What happens when your estate becomes even more complex – with investments, insurance policies, property, and perhaps business ownership? It’s time for a trust, which is a legal document that can lock in your wishes for all of your assets. A trust can cost $1500-$2500, with the majority of this paid to the estate planning attorney for its preparation. In addition to naming the grantors and trustees (the funders and controllers), you can name several layers of contingent trustees and outline your beneficiaries in great detail. You can specify the division of your assets down to the greatest detail. Revocable trusts can be changed and updated as your needs, assets, and desires change over time.
Is a trust the same as a will? Not exactly, though they share some features. A will is a legally enforceable document that outlines how you want your affairs handled when you die. Guardianship for children, care of pets, division of your personal belongings, burial and funeral preferences, and to some extent, the division of your assets. Though wills can be simpler and less expensive to prepare, the distribution of assets will still be handled in probate court. Wills must be signed and notarized to be legally binding.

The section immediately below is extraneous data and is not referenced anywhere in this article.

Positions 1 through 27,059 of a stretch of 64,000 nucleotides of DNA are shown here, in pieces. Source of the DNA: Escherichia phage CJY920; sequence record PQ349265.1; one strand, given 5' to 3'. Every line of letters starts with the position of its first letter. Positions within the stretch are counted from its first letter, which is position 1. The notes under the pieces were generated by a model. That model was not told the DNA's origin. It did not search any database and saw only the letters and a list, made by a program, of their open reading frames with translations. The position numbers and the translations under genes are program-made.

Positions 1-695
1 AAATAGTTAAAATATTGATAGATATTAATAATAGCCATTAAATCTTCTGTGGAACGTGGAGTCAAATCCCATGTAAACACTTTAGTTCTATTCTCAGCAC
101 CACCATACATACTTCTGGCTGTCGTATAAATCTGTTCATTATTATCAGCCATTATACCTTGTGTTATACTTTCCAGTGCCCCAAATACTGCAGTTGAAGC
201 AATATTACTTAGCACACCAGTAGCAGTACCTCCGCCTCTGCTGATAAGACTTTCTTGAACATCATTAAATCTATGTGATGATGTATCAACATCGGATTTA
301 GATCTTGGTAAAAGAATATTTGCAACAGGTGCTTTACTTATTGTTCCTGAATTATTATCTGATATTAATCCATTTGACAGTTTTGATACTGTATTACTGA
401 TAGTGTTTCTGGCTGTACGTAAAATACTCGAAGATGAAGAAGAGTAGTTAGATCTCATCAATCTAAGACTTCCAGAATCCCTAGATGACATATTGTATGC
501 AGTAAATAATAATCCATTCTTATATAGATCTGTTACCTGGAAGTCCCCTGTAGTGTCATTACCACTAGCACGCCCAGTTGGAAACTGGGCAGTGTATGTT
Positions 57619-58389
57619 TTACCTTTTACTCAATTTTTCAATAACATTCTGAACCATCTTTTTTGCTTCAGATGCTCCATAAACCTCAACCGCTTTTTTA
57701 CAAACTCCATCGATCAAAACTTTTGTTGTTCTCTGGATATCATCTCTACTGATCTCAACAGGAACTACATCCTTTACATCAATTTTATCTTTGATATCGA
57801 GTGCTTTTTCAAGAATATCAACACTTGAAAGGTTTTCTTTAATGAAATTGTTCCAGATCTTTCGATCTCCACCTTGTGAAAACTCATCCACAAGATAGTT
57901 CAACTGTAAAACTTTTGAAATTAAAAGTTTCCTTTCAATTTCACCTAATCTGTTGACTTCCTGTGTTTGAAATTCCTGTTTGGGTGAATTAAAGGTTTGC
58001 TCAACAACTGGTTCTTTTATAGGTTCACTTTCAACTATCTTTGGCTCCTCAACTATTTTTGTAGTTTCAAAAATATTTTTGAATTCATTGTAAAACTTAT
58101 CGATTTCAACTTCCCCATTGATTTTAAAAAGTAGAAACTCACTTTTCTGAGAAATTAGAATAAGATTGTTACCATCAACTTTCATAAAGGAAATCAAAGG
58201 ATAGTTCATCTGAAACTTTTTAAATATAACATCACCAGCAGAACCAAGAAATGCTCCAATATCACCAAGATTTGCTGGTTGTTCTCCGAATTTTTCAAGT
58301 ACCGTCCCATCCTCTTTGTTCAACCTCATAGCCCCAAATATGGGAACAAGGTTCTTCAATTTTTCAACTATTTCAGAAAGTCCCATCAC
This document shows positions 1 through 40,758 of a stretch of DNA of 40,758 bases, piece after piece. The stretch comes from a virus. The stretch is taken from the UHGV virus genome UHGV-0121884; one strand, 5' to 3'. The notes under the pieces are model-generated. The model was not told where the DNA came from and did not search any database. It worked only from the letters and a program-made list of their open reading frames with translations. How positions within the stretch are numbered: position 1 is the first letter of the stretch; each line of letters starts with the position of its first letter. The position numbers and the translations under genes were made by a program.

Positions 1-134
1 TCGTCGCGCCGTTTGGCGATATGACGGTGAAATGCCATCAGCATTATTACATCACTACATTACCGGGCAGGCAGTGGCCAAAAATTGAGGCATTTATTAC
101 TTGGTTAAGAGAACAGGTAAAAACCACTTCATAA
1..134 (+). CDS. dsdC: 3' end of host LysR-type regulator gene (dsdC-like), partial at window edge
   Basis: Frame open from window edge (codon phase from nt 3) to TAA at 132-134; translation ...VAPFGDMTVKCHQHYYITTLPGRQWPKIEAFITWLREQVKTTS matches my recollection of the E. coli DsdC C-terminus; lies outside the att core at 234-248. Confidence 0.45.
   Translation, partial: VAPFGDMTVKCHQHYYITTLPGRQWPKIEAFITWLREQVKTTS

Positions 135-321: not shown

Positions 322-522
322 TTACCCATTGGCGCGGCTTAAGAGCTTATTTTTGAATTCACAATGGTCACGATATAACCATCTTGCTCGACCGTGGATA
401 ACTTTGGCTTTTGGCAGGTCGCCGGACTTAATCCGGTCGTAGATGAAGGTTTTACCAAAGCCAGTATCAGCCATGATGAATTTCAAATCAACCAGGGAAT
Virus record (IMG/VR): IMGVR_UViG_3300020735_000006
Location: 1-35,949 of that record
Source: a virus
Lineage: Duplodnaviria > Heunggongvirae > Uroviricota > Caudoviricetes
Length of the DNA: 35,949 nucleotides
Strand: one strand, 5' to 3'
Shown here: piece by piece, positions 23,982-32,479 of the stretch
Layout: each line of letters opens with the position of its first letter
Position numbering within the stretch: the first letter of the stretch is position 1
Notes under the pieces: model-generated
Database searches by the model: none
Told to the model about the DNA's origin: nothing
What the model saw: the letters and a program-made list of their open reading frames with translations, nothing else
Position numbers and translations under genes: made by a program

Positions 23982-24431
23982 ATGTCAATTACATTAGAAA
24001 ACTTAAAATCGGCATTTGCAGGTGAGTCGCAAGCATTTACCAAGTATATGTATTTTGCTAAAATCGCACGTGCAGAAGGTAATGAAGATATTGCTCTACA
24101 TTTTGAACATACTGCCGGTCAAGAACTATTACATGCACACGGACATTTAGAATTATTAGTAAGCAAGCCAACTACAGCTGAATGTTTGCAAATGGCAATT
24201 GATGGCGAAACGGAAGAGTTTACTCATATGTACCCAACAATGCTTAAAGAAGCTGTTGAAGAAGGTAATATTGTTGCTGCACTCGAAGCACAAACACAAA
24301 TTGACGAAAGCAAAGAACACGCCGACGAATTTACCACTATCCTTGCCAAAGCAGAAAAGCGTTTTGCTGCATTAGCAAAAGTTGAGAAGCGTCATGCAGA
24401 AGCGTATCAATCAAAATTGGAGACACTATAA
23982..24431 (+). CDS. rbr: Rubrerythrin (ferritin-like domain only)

It’s important to note that beneficiary designations trump the will when it comes to life insurance, annuities, or retirement accounts. If you make updates to your will, it’s crucial to go back and make sure beneficiaries are updated too!
One benefit of a trust is that its execution avoids probate, so your heirs may access the funds more quickly and you can often save the 2-4% cost involved in probate fees. The trust will usually deal with specific assets and it will be important to re-title those assets you want to be included in the name of the trust. You can also name the trust as a contingent beneficiary instead of naming minor children, with specific instructions that help ensure the assets are used for their benefit.